This view did not please those who were aiding her escape. They would be pursued, and might be overtaken. Delay was dangerous. In disregard of her wishes, they ordered the captain to put to sea. As events turned out, their haste proved unfortunate for the fair fugitive, and the “cause of woes unnumbered” to the loving pair.

Leaving her to her journey, we must return to the adventures of Seymour. Prisoner at large, as he was, in the Tower, escape proved not difficult. A cart had entered the enclosure to bring wood to his apartment. On its departure he followed it through the gates, unobserved by the warder. His servant was left behind, with orders to keep all visitors from the room, on pretence that his master was laid up with a raging toothache.

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Reaching the river, the escaped prisoner found a man in his confidence in waiting with a boat. He was rowed down the stream to Lee, where he expected to find his Arabella in waiting. She was not there, but in the distance was a vessel which he fancied might have her on board. He hired a fisherman to take him out. Hailing the vessel, he inquired its name, and to his grief learned that it was not the French ship which had been hired for the lovers’ flight. Fate had separated them. Filled with despair, he took passage on a vessel from Newcastle, whose captain was induced, for a fair consideration, to alter his course. In due time he landed in Flanders, free, but alone. He was never to set eyes on Arabella Stuart again.

Meanwhile, the escape of the lady from Highgate had become known, and had aroused almost as much alarm as if some frightful calamity had overtaken the State. Confusion and alarm pervaded the court. The Gunpowder Plot itself hardly shook up the gray heads of King James’s cabinet more than did the flight of this pair of parted doves. The wind seemed to waft peril. The minutes seemed fraught with threats. Couriers were despatched in all haste to the neighboring seaports, and hurry everywhere prevailed.

A messenger was sent to the Tower, bidding the lieutenant to guard Seymour with double vigilance. To the surprise of the worthy lieutenant, he discovered that Seymour was not there to be guarded. The bird had flown. Word of this threw King James into a ludicrous state of terror. He wished to issue a vindictive proclamation, full of hot fulminations, and could scarcely be persuaded by his minister to tone down his foolish utterances. The revised edict was sent off with as much speed as if an enemy’s fleet were in the offing, the courier being urged to his utmost despatch, the postmasters aroused to activity by the stirring superscription, “Haste, haste, post-haste! Haste for your life, your life!” One might have thought that a new Norman invasion was threatening the coast, instead of a pair of new-married lovers flying to finish their honey-moon in peace and freedom abroad.

When news of what had happened reached the family of the Seymours, it threw them into a state of alarm not less than that of the king. They knew what it meant to offend the crown. The progenitor of the family, the Duke of Somerset, had lost his head through some offence to a king, and his descendants had no ambition to be similarly curtailed of their natural proportions. Francis Seymour wrote to his uncle, the Earl of Hertford, then distant from London, telling the story of the flight of his brother and the lady. This letter still exists, and its appearance indicates the terror into which it threw the earl. It reached him at midnight. With it came a summons to attend the privy council. He read it apparently by the light of a taper, and with such agitation that the sheet caught fire. The scorched letter still exists, and is burnt through at the most critical part of its story. The poor old earl learned enough to double his terror, and lost the section that would have alleviated it. He hastened up to London in a state of doubt and fear, not knowing but that he was about to be indicted for high treason.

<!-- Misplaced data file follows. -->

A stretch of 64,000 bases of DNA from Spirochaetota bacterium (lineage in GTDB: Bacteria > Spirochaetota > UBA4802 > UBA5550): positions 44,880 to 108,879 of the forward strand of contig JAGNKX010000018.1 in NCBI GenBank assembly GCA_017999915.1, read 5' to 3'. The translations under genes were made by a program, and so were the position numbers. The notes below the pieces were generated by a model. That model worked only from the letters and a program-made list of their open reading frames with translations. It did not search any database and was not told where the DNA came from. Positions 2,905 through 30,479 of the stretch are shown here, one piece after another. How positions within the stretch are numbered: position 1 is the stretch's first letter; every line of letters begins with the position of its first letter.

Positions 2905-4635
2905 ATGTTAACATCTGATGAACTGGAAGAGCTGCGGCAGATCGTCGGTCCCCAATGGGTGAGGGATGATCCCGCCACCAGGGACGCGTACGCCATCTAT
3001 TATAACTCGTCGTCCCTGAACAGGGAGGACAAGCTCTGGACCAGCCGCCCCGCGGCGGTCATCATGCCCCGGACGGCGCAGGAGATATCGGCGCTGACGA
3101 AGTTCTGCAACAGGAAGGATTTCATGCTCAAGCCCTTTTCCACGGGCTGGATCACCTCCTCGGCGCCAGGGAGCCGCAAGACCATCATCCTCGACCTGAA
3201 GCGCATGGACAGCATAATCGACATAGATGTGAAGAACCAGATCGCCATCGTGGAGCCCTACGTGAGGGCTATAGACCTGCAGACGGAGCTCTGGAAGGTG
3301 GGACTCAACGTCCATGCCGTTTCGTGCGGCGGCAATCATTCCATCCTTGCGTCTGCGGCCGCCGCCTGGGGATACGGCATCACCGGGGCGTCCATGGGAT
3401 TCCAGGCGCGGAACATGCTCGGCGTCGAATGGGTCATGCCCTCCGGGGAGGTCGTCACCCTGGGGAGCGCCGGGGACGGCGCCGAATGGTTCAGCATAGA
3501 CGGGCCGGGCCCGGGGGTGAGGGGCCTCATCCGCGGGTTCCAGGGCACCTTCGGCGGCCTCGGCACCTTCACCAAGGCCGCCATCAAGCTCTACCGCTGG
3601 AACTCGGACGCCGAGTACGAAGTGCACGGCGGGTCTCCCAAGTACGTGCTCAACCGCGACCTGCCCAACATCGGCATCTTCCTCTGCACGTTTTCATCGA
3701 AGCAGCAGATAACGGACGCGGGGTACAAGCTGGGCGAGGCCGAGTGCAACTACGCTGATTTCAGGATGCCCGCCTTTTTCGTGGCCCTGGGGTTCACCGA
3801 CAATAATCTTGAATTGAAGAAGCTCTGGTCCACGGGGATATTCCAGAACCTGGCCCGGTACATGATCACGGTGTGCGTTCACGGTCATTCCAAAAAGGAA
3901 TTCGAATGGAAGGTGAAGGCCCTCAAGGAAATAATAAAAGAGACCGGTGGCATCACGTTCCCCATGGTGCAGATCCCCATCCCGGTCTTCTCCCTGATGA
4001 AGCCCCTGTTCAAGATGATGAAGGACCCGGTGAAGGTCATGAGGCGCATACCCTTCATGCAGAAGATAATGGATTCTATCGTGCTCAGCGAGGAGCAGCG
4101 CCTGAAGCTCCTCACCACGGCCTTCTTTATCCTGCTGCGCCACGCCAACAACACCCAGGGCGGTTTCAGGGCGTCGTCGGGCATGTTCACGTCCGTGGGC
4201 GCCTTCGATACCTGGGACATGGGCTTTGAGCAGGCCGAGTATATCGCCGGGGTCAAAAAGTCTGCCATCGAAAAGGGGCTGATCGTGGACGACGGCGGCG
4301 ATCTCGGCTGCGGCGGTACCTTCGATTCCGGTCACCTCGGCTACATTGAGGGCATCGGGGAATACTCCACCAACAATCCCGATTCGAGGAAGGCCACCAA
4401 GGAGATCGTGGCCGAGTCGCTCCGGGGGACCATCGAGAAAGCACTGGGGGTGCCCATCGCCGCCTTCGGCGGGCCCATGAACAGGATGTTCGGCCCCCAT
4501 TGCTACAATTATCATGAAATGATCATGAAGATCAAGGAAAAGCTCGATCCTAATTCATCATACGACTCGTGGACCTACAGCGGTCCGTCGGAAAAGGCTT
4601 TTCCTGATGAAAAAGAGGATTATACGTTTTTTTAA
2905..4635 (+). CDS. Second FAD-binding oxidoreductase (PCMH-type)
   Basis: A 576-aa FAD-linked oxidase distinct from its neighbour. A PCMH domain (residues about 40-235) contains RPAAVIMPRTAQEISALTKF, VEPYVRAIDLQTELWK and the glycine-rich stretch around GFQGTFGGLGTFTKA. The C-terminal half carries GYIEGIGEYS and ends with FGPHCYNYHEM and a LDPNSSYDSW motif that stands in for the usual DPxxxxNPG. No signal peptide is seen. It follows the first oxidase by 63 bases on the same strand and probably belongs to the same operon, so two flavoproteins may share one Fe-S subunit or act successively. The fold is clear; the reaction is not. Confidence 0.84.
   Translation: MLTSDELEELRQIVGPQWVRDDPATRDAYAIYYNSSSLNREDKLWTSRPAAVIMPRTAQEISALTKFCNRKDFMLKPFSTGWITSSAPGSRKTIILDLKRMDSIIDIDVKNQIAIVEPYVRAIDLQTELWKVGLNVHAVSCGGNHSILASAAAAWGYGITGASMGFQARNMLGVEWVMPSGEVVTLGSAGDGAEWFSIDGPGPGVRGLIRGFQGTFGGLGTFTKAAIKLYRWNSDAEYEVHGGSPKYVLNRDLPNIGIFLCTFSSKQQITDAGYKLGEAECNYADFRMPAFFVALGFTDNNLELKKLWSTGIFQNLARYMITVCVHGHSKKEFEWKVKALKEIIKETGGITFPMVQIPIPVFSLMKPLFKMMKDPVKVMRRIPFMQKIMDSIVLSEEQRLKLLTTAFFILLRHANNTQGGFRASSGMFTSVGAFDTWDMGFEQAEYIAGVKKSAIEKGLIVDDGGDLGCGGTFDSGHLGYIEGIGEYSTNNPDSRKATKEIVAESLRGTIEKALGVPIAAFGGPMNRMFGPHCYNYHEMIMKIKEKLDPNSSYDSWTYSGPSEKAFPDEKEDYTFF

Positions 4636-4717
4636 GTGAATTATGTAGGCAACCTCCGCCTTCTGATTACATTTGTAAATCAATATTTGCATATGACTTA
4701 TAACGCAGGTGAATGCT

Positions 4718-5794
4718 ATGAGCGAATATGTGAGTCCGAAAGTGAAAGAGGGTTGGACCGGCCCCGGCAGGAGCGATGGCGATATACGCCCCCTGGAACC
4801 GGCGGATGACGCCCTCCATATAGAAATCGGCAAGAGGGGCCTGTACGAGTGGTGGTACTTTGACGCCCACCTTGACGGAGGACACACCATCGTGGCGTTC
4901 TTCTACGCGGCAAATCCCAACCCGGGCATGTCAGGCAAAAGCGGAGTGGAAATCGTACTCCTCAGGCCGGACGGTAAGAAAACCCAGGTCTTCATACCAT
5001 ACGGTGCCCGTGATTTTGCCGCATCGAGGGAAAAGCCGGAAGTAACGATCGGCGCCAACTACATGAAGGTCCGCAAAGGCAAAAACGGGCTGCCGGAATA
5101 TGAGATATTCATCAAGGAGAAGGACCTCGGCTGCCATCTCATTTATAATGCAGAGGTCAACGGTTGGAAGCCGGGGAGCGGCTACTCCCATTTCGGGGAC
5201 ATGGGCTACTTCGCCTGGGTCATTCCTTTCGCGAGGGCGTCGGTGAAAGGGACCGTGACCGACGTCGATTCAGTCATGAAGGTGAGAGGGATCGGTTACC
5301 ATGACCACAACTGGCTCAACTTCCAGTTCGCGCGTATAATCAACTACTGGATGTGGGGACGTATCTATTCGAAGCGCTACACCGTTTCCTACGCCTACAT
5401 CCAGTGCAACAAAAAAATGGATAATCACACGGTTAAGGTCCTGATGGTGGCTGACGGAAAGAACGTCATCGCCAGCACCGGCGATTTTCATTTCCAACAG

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Meanwhile, what had become of the disconsolate Lady Arabella? The poor bride found herself alone upon the seas, mourning for her lost Seymour, imploring her attendants to delay, straining her eyes in hopes of seeing some boat bearing to her him she so dearly loved. It was in vain. No Seymour appeared. And the delay in her flight proved fatal. The French ship which bore her was overtaken in Calais roads by one of the king’s vessels which had been so hastily despatched in pursuit, and the lady was taken on board and brought back, protesting that she cared not what became of her if her dear Seymour should only escape.

The story ends mournfully. The sad-hearted bride was consigned to an imprisonment that preyed heavily upon her. Never very strong, her sorrow and depression of spirits reduced her powers, while, with the hope that she might die the sooner, she refused the aid of physicians. Grief, despair, intense emotion, in time impaired her reason, and at the end of four years of prison life she died, her mind having died before. Rarely has a simple and innocent marriage produced such sad results through the uncalled-for jealousy of kings. The sad romance of the poor Lady Arabella’s life was due to the fact that she had an unreasonable woman to deal with in Elizabeth, and a suspicious fool in James. Sound common-sense must say that neither had aught to gain from this persecution of the poor lady, who they were so obstinately determined should end life a maid.

Seymour spent some years abroad, and then was permitted to return to England. His wife was dead; the king had naught to fear. He lived through three successive reigns, distinguishing himself by his loyalty to James and his two successors, and to the day of his death retaining his warm affection for his first love. He married again, and to the daughter born from this match he gave the name of Arabella Stuart, in token of his undying attachment to the lady of his life’s romance.